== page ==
How many MPs would sweetly sing for you? In this affectionate portrait of one of the longest standing English Members of Parliament, Dennis Skinner, we get more than one song from the man now known, courtesy of the Telegraph, as the Beast of Bolsover.
As straightforward in style as Skinner himself, the programme is filmed as a series of long interviews with its subject, intercut with contributions from family, friends and appreciative constituents.
Skinner’s story is rooted in the landscapes of Derbyshire. Images of the Derbyshire countryside and skies punctuate the film. Music from the first half of the 20th Century accompanies the story, including tracks from big band leader Bert Ambrose, and songs Skinner’s mother used to sing. There is poignancy to this. Towards the end of her life Mrs Skinner developed Alzheimer’s. Connection between mother and son was helped by the songs they would sing together. Mrs Skinner appears in the film, in archive footage, posthumously joining other family members interviewed more recently.
Skinner, a former miner, has a reputation for being forthright and obstinate. He is acknowledged to be a good constituency MP. He always returns his constituents’ calls, we are told. He is well-known for attending Parliament assiduously. His voting record, in the main, has put him on the sensible and humanist side of politics. His position on the European Union stands out: staunchly against, and voting accordingly since he became an MP in 1970. The film revisits some of his well-known moments in Parliament – filibustering Enoch Powell, and heckling Black Rod.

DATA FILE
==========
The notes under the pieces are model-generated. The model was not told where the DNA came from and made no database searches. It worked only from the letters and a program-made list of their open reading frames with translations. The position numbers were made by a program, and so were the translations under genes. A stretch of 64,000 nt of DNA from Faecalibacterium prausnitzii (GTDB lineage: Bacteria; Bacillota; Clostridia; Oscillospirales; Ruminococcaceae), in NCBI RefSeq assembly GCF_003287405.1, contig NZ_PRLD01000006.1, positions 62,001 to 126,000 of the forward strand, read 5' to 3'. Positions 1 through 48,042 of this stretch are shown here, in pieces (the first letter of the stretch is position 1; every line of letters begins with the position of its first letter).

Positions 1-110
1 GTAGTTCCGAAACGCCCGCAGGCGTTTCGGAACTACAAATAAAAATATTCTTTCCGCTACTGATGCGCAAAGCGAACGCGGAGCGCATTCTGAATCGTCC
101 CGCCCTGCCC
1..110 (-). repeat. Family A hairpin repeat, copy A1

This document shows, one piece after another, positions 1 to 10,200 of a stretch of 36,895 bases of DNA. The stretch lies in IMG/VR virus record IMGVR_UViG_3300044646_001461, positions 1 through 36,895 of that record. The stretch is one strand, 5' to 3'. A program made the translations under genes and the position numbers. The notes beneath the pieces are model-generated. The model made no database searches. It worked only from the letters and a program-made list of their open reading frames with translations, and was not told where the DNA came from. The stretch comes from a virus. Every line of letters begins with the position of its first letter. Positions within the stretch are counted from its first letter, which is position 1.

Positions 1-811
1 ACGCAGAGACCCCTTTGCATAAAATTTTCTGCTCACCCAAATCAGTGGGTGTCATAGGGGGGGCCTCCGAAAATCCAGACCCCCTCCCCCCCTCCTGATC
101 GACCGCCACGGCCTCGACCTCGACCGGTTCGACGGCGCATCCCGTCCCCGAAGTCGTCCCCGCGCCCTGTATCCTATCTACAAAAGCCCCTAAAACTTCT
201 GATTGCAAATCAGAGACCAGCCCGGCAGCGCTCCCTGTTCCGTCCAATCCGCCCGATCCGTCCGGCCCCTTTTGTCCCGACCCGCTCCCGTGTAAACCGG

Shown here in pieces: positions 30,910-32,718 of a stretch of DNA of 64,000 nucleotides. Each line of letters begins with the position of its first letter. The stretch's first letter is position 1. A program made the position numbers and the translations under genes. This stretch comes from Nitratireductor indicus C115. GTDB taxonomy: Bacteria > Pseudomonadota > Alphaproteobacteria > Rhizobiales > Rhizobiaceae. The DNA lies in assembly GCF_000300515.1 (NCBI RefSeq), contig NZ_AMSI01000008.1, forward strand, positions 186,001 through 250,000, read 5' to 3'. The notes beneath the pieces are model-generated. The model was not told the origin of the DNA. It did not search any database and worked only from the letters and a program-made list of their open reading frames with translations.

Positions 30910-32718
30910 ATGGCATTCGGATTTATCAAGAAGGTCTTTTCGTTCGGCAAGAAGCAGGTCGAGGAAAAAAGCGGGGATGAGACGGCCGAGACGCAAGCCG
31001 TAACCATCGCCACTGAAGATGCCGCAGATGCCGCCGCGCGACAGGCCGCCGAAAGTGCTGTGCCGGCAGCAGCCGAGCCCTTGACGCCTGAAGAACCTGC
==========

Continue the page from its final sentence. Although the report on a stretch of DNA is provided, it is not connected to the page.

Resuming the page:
The indomitable MP’s reminiscences meander through key moments in his development as a politician, how singing in his youth laid the ground for his ability as a public speaker, and how social injustice honed his political stance. The film also takes in a brief tour, with archive footage and photographs, of the history of the Labour movement, the inception of the National Health Service, and the Miners’ Strike of the mid-1980s.
Skinner’s interviews in this film reiterate his already well-known political views, but also his methods and approach: how he goes about being a politician, and how he views the world. A conscientious constituency MP, and a resolute backbencher with quick – though sometimes pre-rehearsed -repartie. Skinner is known for having refused political favours and compromises – his backbench position enabling him to remain his own man. The interviews are also revelatory of his manichean worldview and his conception of socialism and politics. Both, he says, are very simple things.
This programme is more elegy than documentary. It is a useful historical document, thanks to the extended interviews with Skinner, and some interesting archive materials. Meanwhile, it does not provide any alternative perspectives on the man. The film eschews analysis and a wider context, and does not examine – at all – any concrete political issues Skinner may have had a bearing on, including the question of the European Union. Neither does Skinner provide any analysis or reasoning for his own work as a politician, beyond expressing a general commitment to social justice – a commitment borne out of his life experiences. Beyond its good sentiments, the film makes it challenging to see Skinner in the round, or understand his political legacy.
Director Daniel Draper
Producer Christie Allanson, Daniel Draper